In terms of  Minimum Modelling Requirements the columns for LOD and Grade are of interest.
LOD means what we now expect it to mean – it indicates the level of certainty required of that element and is defined in terms of the [US]AIA E209 document. But only LOD 100 to 300 are given a definition, and in this table LOD is not associated with a milestone. Yet the other column of interest, Grade, is. But only for Construction Documents and As-Builts.
Grade sets how elements are to be graphically represented:
A   3D + facility data
B   2D + facility data
C   2D only (drafting, linework, text and or part of an assembly)
+   original grade modified
   not included or tied to the BIM model (however is still required in the deliverable)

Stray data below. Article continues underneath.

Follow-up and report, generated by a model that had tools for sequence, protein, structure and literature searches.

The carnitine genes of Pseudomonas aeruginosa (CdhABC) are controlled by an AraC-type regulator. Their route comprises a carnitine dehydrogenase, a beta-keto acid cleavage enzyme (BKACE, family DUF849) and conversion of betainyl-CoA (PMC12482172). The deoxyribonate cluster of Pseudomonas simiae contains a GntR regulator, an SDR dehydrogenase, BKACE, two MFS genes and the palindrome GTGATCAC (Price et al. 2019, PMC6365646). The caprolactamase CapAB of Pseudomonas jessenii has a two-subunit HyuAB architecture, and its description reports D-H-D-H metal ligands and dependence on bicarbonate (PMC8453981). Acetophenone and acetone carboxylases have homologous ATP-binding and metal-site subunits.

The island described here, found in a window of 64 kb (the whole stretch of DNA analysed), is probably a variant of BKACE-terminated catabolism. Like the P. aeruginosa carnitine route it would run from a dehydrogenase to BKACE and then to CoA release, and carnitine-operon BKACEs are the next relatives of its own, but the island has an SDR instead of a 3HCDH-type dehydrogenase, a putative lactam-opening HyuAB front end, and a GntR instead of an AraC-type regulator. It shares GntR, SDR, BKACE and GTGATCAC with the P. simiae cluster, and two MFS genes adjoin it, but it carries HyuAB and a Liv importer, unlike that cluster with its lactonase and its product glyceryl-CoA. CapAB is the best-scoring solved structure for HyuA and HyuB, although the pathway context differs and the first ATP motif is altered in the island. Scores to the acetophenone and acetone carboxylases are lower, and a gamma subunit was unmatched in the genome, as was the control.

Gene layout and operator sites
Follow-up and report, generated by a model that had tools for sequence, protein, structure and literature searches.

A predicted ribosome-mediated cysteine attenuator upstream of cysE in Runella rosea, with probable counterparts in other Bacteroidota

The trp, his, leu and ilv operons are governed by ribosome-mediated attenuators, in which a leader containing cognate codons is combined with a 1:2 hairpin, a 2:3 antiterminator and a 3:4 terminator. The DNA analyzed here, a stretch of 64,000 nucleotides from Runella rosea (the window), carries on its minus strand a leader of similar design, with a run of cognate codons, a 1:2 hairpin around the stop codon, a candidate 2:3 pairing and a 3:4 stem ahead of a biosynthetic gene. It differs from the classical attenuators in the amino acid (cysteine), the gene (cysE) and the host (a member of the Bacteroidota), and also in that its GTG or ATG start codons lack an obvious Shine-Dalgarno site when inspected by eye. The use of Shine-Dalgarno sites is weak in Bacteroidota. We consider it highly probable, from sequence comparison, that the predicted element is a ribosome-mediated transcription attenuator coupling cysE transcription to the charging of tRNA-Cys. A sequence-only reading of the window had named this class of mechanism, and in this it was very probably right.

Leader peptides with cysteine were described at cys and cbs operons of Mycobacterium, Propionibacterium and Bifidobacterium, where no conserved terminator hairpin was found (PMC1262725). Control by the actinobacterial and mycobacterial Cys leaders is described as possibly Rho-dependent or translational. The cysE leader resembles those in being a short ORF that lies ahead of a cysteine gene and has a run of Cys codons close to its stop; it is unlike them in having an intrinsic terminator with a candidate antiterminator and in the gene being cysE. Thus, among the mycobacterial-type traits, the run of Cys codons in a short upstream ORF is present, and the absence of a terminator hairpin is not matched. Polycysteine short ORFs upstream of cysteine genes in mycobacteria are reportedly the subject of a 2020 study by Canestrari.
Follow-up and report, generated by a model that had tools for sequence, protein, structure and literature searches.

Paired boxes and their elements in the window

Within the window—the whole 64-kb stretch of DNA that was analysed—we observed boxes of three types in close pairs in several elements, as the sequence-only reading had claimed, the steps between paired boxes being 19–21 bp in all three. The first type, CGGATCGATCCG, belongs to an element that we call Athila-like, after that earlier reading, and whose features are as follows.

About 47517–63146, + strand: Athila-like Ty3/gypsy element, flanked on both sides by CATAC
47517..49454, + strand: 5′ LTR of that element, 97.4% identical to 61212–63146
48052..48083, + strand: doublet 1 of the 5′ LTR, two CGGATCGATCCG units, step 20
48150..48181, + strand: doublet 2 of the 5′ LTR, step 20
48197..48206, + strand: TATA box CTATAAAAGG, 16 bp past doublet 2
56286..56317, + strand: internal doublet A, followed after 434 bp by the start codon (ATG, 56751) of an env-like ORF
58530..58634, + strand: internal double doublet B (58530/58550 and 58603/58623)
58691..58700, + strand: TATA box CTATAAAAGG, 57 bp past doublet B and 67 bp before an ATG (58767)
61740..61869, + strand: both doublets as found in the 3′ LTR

●   Refer to the other Levels 1 & 2 table, or is a heading (Level 3).
M3 definitions reflect strongly back to documentation. Many Level 1 and 2 requirements include
… elements shall be depicted with necessary intelligence to produce plans, sections, elevations and schedules …“. LOD 300 includes “Accurate to the degree dimensioned or indicated on contract documents“.
Other types of description are also found, although not consistently across all definitions. Things like “Small diameter (less than 1-1/2” NPS) field-routed piping is not required to be depicted in the Model“, and “Slabs shall be developed in the structural model and then referenced by the architectural model“.So the M3 defines:

  • General modelling requirements (using text)
  • Type of graphic (2D or 3D) and whether data included. (using a table)
  • LOD (sort of, surely LOD changes between Construction and Record models)

As you can see it is really quite a mish-mash not only of methods, but also mixes documentation with BIM requirements.